Throughout history, investing in capital-intensive, fixed-defensive positions has failed as a military strategy. For more information, see castle v trebuchet, Great Wall v The Hun, Siegfried Line v Patton’s highly mobile Third Army. Indeed, rapidly deployed, highly flexible Special Forces are working well in today’s warfare, not heavy bombers, rear artillery, or cruise missiles.
In today’s healthcare, I continue to see capital-intensive, fixed-defensive positions being built, despite our county’s inability to afford such infrastructure, and despite the clinical requirement we relocate our healthcare from single, stationary to multiple, mobile locations. Oh yeah … the pace of change in the industry is very much akin to the speed of today’s warfare. For more information, see hospital oligopolies and single-specialty mega-groups, the creation of which is solely designed to fix high prices in a marketplace changing how heatlhcare is paid.
What if a more mobile healthcare delivery system, made possible by low-cost IT-peripherals and connectivity, was the better strategic choice, both offensively and defensively? Imagine a patient being electronically “touched” by her physician team 4 times a month for preventive health, wellness, nutrition and disease management, rather than a single office visit + ER visit + collateral costs from inadequately managed DM? The combined cost of the mobile care and connectivity, driven by true population-based care, would have to be 50% less than the cost of building and maintaining today’s healthcare castles (stone and mortar, guards, wardrobes of kings and queens, maintenance on the moat, etc).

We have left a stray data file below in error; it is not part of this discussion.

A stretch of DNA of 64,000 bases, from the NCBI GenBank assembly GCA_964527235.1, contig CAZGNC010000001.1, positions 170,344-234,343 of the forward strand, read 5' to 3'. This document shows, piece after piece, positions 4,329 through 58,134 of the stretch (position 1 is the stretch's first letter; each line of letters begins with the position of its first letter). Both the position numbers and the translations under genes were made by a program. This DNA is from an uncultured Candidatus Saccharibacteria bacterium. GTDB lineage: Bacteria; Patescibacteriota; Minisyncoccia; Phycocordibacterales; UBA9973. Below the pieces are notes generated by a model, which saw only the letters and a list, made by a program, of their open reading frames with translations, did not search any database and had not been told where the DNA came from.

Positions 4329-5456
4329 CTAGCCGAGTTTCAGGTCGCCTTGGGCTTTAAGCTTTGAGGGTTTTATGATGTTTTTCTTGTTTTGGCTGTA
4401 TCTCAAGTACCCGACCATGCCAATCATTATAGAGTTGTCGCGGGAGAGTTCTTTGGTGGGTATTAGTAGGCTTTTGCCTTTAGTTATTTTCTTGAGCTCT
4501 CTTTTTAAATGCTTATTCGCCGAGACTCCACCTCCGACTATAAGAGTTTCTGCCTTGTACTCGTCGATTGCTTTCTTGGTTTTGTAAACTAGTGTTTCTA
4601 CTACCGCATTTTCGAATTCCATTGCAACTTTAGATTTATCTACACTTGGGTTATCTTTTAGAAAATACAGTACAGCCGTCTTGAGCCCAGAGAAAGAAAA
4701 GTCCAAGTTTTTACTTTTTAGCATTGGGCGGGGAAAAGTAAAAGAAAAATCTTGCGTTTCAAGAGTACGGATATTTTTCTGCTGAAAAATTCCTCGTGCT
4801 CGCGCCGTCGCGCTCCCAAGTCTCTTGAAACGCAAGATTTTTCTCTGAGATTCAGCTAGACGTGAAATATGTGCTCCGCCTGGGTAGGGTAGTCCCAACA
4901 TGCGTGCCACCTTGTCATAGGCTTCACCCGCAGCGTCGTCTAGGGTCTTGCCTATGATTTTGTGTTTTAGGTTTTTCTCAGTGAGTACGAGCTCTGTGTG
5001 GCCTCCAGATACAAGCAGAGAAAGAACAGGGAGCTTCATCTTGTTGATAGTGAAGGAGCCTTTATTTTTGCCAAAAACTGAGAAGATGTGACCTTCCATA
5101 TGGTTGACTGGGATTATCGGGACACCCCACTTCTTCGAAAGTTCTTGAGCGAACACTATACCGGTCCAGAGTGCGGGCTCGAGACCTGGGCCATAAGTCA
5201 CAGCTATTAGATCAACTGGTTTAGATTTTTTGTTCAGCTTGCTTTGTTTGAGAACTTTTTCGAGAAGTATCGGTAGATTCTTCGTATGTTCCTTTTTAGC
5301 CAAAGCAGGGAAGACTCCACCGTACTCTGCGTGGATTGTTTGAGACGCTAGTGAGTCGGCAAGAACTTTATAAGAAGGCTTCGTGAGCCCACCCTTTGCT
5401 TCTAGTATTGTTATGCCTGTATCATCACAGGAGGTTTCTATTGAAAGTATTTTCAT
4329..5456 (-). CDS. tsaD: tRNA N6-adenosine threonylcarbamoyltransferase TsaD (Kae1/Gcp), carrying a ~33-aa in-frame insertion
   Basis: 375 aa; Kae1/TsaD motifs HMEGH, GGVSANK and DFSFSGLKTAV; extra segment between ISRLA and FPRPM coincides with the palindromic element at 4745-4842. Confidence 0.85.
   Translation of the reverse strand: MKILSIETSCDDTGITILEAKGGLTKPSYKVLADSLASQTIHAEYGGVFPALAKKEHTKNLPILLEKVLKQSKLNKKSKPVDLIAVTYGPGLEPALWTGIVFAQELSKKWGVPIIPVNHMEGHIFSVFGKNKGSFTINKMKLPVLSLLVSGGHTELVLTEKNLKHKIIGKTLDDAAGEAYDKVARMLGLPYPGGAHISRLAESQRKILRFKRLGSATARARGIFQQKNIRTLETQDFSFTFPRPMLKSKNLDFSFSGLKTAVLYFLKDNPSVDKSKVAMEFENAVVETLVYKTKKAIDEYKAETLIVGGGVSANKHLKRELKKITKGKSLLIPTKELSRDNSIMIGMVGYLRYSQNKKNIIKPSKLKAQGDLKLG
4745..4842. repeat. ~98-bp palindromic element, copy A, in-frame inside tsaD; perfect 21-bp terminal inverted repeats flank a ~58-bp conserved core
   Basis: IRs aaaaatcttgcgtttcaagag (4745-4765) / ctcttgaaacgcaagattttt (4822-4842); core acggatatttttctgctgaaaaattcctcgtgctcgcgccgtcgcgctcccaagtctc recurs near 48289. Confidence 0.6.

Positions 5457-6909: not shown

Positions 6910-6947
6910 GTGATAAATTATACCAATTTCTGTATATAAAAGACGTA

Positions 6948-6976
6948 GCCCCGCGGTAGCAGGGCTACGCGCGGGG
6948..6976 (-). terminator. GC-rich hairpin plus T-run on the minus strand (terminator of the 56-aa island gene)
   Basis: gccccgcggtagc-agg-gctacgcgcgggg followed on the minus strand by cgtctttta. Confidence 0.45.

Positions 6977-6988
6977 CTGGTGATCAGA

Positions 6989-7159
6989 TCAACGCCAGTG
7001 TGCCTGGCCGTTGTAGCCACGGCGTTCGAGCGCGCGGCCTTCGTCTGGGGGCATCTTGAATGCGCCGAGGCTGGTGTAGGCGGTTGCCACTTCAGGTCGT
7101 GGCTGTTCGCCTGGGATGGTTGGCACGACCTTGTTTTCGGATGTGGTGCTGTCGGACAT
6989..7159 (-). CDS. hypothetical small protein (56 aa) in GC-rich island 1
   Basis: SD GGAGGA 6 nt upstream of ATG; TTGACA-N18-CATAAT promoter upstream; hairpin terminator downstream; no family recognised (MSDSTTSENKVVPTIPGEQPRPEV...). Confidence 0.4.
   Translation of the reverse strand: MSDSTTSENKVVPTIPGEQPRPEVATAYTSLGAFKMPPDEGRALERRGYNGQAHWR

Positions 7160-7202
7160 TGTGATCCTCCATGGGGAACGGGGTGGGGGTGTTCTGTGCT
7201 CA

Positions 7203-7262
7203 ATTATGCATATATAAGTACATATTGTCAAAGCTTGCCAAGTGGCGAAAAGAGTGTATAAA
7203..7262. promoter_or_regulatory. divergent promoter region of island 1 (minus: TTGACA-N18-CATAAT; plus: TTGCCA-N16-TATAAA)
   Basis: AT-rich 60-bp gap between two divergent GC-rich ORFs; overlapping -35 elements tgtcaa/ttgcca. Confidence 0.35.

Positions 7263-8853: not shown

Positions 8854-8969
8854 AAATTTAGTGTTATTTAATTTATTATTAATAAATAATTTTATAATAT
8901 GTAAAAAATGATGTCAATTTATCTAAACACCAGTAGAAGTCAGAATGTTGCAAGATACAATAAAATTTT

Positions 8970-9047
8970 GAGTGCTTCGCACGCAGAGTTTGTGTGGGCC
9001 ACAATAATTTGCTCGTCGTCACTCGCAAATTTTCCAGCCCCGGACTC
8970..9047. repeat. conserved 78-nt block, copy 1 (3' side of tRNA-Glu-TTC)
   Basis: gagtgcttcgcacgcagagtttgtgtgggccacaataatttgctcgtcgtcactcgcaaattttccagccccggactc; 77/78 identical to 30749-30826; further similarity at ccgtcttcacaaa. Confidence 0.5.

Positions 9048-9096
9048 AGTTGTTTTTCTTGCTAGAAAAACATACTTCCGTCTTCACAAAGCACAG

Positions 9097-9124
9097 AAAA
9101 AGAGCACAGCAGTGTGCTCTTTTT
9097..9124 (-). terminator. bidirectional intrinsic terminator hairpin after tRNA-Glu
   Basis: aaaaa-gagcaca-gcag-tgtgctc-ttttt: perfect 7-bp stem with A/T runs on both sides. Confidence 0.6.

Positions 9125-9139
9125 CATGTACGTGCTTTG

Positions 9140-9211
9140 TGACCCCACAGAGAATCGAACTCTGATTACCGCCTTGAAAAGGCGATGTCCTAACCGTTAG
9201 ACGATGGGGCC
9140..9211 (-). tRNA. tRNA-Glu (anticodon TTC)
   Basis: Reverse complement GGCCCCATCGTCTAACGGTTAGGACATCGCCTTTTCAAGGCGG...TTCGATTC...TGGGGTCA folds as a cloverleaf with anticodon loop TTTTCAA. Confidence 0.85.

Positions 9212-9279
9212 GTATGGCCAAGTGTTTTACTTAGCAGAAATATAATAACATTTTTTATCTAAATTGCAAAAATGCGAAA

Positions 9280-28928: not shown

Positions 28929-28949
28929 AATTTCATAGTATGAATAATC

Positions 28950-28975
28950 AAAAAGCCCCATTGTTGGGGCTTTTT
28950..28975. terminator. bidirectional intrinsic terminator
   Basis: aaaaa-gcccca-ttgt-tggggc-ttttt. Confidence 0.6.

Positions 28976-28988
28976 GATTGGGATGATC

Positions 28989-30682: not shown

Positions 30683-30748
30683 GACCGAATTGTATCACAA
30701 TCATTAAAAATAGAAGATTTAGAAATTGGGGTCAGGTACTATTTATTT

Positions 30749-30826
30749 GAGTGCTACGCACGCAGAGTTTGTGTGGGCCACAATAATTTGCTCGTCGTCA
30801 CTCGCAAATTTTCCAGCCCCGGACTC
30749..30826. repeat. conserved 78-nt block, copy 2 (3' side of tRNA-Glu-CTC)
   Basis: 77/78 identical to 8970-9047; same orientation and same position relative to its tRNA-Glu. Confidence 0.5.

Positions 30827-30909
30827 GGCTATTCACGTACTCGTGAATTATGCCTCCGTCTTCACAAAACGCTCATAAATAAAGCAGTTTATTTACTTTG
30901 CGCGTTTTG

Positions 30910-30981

Regardless, we’ve got to get America’s healthcare spend from the current 18% GDP to 12-14% over the next ten years. That can’t happen if we continue to invest in the capital-intesive anachronisms of fee-for-service (FFS) healthcare.